How to Check a Fuel Regulator

by Nathan Fisher

Automobile fuel injections systems are designed to operate at a specific internal fuel pressure, controlled by the fuel pressure regulator. Fuel injection systems are sensitive enough so even the slightest variation in fuel pressure can cause a malfunction in the fuel system. The most common cause of fuel pressure irregularities is damage to the diaphragm in the fuel pressure regulator, allowing fuel to back up into the vacuum system. You can check this with a fuel pressure gauge.

Locate the fuel system test port on the fuel system rail. The rail resembles a tube running between the fuel pump and the throttle body (or carburetor) and has what looks like a tire air valve stem with cap. Be certain you do not mistake the AC access tube for the fuel system rail. If in doubt, trace the line in both directions to be sure it is not connected to the air conditioning compressor.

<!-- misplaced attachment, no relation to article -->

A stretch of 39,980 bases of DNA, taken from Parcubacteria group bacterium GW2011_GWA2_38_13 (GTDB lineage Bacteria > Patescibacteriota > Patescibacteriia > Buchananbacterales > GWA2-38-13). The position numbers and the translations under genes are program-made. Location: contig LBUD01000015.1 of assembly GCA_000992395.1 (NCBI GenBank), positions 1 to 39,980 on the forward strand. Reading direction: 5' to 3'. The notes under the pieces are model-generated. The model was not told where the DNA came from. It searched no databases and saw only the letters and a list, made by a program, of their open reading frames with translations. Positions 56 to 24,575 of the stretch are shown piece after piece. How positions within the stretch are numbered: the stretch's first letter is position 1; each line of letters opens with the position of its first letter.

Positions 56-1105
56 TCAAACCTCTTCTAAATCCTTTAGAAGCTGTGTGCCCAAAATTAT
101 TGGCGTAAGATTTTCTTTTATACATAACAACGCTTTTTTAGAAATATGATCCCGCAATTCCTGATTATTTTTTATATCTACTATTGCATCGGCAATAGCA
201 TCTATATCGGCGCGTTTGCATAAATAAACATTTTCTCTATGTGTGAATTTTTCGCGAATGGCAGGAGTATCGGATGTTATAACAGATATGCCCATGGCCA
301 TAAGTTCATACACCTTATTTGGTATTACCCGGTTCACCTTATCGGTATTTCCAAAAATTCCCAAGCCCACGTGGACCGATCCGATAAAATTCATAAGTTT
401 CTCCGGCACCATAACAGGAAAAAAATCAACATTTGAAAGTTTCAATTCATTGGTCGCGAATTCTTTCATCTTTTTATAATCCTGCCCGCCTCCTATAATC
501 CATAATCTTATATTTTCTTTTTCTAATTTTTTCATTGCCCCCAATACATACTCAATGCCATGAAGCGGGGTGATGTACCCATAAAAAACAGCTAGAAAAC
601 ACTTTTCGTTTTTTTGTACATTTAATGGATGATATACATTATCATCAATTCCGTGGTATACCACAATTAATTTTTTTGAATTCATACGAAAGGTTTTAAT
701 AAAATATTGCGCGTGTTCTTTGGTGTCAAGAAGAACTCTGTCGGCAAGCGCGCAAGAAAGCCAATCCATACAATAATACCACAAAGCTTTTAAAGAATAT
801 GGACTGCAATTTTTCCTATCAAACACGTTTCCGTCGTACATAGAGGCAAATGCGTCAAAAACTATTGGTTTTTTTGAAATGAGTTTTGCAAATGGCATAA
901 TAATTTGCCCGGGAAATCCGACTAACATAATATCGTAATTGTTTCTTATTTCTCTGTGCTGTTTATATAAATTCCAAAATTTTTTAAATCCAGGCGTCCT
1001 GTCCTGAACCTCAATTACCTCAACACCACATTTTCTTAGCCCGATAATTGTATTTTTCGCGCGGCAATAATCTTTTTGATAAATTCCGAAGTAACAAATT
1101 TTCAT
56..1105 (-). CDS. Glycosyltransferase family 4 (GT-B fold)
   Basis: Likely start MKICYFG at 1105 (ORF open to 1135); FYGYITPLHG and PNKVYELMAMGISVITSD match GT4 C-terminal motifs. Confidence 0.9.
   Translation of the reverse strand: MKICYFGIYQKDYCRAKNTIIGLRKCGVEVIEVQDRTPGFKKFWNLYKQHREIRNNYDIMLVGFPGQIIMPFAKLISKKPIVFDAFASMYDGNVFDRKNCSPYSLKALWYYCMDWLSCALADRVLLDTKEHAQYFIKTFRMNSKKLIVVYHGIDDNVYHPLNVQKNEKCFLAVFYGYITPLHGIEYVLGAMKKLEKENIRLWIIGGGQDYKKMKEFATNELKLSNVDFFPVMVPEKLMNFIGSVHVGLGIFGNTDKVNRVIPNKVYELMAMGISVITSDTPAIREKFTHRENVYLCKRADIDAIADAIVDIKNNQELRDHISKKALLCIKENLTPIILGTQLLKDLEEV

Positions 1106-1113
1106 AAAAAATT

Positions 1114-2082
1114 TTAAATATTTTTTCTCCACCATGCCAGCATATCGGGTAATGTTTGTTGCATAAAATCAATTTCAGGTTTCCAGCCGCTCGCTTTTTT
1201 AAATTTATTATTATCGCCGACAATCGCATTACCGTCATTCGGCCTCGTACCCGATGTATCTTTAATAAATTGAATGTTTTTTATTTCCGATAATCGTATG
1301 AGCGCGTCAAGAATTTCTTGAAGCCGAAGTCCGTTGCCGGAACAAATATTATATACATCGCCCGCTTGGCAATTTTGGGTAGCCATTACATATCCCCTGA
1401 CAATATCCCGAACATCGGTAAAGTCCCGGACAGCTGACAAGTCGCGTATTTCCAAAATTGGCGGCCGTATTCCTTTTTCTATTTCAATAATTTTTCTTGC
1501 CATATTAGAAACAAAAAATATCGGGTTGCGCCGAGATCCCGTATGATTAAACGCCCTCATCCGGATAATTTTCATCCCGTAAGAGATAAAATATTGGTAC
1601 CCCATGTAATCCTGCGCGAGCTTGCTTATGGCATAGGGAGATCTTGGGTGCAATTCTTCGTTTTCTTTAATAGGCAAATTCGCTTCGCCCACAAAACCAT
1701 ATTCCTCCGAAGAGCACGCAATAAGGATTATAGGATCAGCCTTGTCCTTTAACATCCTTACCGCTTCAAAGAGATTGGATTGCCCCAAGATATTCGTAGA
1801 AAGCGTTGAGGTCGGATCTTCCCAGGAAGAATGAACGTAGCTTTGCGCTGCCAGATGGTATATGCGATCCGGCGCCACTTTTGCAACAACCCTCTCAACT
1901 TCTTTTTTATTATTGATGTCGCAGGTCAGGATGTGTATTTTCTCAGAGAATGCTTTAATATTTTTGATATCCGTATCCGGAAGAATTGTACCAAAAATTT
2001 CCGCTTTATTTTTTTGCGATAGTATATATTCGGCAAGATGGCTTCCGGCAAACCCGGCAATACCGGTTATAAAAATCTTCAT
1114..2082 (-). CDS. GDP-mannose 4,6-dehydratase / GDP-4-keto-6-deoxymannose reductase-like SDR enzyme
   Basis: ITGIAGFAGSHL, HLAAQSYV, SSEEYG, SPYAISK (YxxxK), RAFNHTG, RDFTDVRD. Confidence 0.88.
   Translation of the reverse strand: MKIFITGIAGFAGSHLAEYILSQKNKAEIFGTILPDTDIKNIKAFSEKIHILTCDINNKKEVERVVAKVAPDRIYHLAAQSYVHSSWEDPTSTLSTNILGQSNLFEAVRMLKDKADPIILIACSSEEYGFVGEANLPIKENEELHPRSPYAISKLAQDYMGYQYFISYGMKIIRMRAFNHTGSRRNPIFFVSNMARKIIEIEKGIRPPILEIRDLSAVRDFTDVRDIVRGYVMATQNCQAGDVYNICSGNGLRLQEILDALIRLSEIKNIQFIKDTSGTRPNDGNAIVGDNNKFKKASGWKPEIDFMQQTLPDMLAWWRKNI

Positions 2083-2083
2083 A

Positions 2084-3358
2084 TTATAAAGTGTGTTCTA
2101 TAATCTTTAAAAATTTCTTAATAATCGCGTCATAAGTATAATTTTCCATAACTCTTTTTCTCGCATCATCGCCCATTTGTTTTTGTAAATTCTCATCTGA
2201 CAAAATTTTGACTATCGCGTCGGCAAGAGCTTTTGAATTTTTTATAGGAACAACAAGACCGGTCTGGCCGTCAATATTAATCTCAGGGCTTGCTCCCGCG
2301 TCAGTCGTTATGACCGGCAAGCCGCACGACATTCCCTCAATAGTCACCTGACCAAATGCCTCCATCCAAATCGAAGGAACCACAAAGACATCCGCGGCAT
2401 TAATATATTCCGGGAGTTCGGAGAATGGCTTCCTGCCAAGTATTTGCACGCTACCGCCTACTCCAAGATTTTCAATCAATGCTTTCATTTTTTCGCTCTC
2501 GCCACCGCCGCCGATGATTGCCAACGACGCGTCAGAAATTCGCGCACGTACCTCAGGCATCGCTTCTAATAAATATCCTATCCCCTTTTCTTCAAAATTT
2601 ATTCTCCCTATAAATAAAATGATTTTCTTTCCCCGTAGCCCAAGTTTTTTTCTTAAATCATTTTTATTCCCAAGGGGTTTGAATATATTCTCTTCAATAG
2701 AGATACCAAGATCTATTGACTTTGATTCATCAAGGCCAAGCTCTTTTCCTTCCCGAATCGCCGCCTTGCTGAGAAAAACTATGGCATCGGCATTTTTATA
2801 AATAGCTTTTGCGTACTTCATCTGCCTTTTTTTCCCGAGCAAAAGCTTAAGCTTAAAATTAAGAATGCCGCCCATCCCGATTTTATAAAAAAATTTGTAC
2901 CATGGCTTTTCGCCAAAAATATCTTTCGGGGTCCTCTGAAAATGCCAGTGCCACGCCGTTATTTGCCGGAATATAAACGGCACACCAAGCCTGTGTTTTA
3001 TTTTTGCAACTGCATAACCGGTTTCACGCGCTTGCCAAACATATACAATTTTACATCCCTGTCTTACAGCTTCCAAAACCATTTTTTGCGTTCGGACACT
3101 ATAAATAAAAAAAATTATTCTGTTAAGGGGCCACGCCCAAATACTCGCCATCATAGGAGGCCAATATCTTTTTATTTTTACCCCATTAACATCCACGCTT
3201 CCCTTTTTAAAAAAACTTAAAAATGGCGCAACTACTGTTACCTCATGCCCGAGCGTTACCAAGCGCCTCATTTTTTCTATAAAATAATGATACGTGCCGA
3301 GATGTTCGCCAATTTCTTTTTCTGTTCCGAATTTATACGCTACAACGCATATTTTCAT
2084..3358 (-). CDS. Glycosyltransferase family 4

Unscrew the cap from the fuel system test port with your fingers. If the cap sticks twist it gently with the pliers.

Screw the hose fitting of the fuel pressure gauge onto the test port. Set the gauge where it will not be vulnerable to moving parts of the engine, and start the vehicle.

Read the fuel pressure gauge, and then remove the rubber vacuum line attached to the throttle body (or carburetor) assembly. If the reading on the gauge does not increase at least 5 psi after the vacuum line is removed, the fuel pressure regulator is faulty.

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